From From the Mixed Up Files of Middle Grade Authors:
Melissa Glenn Haber to From the Mixed Up Files of Middle Grade Authors!
Melissa is the author of several books for MG readers, including The Heroic Adventures of Hercules Amsterdam (Puffin Paperbacks, 2004, recommended for 9+); Beyond the Dragon Portal (Dutton, 2005, a Keystone State Reading Association Book Award nominee, recommended for 9+); The Pluto Project (Dutton, 2006, a Junior Library Guild selection, recommended for 11 and up).
Since Melissa’s latest release Your Best Friend, Meredith (Aladdin, previously released as Dear Anjali, Aladdin 2010) is a novel in letters, we thought we’d conduct her author interview a bit differently! Below are some questions from, erm, kind of imaginary readers, and Melissa’s thoughtful answers. (Dear Abby has nothing on this MG author!)
1. Dear Melissa, In your novel, your character Meredith types (and writes) long letters to her friend Anjali. Only problem is, Anjali has recently, and unexpectedly died. What inspired you to write a novel about a girl writing letters to her dead best friend? Were you worried it would be too dark? Signed — BFF in Boise
I mostly always start a novel because a first sentence comes to me, and that’s what happened here. Meredith just started speaking to Anjali in my head, and then I was writing this potentially depressing novel. I did worry a little about the novel getting too heavy, though it’s as much about friendship and first love as it is about death; to deal with that I tried to balance the times Meredith’s really despairing with goofier material. (My favorite: when Meredith’s at her lowest and suddenly loses the “e” key on the typewriter). I guess it worked, because the most common comment I hear from kids about the book is that they thought it was really funny. Which is a little bizarre. I mean, I have books about baby sisters turning into dragons, and three inch tall boys living with mice, and kids pretending to be spies and finding out that what they pretend to discover is actually true, and it turns out that the book about the dead girl is the laugh riot. Go figure.
2. Dear MGH, What made U decide 2 write a novel in ltrs? I mean, doesn’t everyone IM these days? xo — techwiz999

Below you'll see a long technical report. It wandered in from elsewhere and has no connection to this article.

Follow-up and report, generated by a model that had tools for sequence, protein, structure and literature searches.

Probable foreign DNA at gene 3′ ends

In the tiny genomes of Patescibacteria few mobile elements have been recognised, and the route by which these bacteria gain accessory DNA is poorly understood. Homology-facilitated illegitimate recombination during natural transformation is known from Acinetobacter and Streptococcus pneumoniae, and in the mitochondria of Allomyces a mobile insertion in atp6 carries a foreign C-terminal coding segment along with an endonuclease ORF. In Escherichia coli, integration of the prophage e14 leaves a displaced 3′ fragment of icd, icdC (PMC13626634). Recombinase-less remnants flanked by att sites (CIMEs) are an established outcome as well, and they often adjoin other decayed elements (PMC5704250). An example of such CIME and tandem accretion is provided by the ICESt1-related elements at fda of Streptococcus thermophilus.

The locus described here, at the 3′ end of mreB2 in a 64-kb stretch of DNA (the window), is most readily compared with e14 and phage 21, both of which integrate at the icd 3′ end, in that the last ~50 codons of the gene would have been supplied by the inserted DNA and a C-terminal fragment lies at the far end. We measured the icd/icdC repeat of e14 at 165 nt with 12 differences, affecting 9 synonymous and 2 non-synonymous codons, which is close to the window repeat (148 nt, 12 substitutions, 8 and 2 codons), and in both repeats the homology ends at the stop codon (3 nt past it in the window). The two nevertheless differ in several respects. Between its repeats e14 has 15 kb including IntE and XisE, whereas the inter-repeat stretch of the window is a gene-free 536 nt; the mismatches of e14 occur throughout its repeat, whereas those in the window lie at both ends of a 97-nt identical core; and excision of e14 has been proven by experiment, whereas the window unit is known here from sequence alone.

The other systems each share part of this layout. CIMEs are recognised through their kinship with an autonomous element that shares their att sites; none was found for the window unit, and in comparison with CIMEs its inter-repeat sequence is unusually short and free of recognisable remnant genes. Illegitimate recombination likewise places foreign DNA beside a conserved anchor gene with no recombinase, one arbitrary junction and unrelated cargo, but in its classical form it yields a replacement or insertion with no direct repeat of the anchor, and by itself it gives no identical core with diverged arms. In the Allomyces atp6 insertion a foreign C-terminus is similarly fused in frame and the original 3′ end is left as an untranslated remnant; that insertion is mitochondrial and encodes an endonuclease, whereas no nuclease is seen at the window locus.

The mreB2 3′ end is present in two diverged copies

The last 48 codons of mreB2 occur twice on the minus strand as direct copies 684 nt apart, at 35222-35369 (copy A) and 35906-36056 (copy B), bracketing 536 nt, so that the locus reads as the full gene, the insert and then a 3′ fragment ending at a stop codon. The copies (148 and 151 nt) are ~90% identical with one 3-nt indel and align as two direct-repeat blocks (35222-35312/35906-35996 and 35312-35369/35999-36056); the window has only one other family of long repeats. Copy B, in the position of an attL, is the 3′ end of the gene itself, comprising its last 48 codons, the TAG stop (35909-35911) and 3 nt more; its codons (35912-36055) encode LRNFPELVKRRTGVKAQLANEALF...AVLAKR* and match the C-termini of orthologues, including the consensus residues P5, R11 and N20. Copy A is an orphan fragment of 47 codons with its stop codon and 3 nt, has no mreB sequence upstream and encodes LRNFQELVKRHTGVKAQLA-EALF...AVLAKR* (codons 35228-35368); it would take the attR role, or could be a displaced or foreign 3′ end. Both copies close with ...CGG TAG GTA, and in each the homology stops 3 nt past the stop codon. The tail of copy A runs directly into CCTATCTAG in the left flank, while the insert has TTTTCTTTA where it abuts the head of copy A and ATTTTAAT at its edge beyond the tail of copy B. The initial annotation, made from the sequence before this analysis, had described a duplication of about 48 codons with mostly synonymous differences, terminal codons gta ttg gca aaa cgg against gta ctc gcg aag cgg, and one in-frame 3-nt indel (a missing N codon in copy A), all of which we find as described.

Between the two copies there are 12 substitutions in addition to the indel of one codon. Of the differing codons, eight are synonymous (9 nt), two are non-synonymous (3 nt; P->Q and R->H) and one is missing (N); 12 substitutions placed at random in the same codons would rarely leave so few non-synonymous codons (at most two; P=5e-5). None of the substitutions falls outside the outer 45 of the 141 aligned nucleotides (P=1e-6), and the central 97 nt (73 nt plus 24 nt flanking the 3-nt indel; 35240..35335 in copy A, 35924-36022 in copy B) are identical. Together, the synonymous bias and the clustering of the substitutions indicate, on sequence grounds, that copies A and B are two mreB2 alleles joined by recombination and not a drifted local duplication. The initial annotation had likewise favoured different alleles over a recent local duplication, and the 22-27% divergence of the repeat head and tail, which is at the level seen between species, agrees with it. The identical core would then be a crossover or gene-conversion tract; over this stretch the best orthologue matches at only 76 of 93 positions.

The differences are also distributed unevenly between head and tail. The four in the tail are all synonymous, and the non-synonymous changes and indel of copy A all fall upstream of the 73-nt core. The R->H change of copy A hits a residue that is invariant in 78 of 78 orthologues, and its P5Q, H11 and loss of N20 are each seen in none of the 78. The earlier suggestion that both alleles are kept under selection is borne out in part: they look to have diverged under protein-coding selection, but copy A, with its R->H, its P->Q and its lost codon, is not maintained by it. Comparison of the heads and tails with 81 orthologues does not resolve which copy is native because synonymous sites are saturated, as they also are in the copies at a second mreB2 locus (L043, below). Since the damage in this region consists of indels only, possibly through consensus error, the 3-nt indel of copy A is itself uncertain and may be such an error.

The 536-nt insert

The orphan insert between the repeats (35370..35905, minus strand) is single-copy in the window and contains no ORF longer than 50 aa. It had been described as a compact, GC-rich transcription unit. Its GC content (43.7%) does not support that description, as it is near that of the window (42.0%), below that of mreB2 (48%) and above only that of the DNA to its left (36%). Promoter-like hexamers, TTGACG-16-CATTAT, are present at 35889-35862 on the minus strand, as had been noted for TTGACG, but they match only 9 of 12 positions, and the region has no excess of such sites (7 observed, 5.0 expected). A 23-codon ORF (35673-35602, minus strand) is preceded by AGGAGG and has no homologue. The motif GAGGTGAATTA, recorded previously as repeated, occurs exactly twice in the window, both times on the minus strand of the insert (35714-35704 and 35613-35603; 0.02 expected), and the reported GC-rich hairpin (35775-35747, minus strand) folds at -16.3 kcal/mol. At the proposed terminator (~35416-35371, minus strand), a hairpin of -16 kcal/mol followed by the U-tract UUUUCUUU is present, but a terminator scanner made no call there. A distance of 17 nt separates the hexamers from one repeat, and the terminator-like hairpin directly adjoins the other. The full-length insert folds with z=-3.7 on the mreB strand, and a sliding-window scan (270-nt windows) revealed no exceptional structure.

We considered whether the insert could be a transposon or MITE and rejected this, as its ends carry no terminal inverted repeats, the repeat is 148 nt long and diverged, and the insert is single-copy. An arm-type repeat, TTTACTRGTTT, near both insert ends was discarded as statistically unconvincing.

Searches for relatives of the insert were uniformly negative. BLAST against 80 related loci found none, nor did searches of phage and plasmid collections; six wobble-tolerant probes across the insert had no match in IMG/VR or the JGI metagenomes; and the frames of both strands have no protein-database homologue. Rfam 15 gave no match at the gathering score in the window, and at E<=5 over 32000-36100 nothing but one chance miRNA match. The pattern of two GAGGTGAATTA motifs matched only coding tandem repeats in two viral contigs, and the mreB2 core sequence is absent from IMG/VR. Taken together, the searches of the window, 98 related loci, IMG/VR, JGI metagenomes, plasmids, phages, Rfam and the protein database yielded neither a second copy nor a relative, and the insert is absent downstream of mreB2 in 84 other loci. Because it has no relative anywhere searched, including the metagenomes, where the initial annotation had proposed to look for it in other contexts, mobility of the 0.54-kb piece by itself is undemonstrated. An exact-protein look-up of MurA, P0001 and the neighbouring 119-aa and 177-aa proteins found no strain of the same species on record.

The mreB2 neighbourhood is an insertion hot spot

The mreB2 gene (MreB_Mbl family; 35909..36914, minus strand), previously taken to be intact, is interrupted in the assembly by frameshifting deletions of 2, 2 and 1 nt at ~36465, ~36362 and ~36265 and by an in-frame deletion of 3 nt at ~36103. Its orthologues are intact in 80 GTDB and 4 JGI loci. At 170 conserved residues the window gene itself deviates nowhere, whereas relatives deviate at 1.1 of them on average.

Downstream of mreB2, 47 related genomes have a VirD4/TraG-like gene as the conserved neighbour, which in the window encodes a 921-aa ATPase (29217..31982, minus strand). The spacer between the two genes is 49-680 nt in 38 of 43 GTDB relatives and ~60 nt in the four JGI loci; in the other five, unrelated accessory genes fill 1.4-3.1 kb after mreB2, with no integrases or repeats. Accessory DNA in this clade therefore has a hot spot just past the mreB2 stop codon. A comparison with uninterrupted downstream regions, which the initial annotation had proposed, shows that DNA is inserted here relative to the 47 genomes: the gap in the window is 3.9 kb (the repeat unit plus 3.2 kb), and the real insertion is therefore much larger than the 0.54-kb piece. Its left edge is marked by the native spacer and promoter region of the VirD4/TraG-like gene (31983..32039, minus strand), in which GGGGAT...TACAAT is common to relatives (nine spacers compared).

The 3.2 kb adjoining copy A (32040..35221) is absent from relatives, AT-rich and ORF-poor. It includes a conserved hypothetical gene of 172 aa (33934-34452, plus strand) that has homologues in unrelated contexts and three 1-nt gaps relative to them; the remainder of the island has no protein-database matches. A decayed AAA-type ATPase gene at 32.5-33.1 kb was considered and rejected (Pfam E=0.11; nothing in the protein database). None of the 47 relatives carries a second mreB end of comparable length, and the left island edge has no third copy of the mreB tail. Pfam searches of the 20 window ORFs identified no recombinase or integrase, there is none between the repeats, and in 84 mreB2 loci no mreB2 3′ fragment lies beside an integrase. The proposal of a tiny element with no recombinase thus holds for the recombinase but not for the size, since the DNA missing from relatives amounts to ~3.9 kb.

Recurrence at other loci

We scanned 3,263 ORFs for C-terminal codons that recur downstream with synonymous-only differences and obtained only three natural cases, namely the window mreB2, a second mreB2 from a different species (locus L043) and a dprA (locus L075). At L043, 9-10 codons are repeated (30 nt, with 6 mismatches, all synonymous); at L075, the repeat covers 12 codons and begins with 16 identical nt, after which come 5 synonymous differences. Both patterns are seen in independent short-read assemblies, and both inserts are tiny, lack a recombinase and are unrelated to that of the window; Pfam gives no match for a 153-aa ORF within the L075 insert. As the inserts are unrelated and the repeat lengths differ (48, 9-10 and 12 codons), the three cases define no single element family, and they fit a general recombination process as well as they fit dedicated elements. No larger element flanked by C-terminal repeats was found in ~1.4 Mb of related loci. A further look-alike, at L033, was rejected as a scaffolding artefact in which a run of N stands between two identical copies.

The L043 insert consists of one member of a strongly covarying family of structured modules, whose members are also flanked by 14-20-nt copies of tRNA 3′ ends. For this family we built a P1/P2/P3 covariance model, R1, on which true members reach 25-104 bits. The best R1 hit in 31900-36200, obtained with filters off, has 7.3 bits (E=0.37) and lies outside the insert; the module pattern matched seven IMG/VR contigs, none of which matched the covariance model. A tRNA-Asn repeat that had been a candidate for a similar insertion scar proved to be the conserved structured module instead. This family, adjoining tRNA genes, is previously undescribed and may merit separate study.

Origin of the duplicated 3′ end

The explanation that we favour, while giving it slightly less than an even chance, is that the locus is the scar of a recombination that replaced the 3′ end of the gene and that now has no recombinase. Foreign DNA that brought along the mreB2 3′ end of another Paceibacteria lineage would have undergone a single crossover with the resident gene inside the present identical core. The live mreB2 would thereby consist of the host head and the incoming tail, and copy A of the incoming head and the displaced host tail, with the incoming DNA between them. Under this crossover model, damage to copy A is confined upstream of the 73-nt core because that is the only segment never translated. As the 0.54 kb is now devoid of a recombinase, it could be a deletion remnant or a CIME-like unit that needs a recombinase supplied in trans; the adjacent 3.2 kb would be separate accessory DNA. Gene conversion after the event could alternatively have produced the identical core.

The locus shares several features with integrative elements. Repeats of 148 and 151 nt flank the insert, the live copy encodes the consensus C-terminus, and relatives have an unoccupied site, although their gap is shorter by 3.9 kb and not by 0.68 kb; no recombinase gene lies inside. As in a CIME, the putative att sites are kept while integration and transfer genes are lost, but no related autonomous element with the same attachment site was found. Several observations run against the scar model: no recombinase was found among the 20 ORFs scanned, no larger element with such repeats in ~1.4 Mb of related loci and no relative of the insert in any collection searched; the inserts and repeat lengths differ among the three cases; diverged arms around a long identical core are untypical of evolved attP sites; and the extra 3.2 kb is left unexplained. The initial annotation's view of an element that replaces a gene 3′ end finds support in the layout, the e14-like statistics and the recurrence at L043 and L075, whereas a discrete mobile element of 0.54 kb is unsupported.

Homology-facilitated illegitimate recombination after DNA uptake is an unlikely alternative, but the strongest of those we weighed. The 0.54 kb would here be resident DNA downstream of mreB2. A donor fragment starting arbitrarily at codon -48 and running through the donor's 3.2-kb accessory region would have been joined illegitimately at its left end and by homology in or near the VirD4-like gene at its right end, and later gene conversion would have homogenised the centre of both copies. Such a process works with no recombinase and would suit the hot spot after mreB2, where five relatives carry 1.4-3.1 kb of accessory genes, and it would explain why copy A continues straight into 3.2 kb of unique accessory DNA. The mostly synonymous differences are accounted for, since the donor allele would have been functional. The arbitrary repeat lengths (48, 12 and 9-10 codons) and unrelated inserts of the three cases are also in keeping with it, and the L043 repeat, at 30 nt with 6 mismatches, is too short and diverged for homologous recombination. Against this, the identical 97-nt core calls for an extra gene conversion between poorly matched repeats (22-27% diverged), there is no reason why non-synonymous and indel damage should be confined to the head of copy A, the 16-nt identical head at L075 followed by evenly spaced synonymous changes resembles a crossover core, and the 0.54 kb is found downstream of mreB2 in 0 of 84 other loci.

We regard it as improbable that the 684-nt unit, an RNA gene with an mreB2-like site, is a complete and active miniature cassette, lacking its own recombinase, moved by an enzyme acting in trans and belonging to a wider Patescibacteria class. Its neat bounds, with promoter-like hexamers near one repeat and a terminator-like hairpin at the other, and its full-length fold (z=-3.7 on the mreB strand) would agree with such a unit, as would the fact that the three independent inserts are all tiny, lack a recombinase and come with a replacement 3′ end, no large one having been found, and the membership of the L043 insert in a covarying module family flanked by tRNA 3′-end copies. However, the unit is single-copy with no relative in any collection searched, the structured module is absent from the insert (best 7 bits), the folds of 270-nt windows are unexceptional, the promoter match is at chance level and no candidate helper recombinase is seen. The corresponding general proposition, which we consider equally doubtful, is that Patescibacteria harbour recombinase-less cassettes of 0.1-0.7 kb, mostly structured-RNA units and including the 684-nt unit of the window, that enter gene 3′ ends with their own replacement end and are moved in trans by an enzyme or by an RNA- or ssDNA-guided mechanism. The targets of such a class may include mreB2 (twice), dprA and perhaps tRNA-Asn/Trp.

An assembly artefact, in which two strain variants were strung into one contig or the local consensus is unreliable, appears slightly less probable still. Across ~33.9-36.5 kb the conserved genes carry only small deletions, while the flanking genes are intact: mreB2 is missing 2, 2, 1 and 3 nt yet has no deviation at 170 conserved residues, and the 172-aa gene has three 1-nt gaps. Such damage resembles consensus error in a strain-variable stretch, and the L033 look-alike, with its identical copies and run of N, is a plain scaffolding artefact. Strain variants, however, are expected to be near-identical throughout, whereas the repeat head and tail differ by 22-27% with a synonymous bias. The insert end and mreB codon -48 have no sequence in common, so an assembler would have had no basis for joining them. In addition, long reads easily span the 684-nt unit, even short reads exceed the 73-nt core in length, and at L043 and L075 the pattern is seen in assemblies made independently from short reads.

Dear Techwiz999, Ah: you discovered the secret! I originally set the novel when I was 13—back in 1983. That’s why Meredith is writing on what she calls a typerwriter. My agent suggested that I update it to the present, which meant all sorts of small changes in technology (I think there are still some LP records that stayed in by mistake). I kept the typewriter in part for the reasons Meredith says (she claims it lets her write in the Heming way), but also texting and IMing are not very useful when it comes to working out what Meredith would call your Inner Feelings (TM) For that, a diary—which is sort of what Meredith’s letters become—is necessary. It also turned out there was a major advantage to writing a novel in letters—aside from the fact that writing unanswered letters felt like a fitting metaphor for reaching out to someone who can’t reach back. Writing in letters dealt with the fundamental problem with the first person: unless the first person is written in the present tense, the narrator knows what’s going to happen. Here, Meredith was in as much in the dark as the reader.
3. Dear Author, In your novel, the three main characters are from three different religions – Meredith celebrates Christmas, so she seems like she’s Christian. Her friend and crush Noah is Jewish. And Anjali is Hindu. At the end of the book, Meredith even writes a letter to God. What role did spirituality and faith have in this novel? Yours Sincerely, Spirited and Spunky
To read the answer to this letter, and a few more, as well as to qualify for the giveaway, please visit here!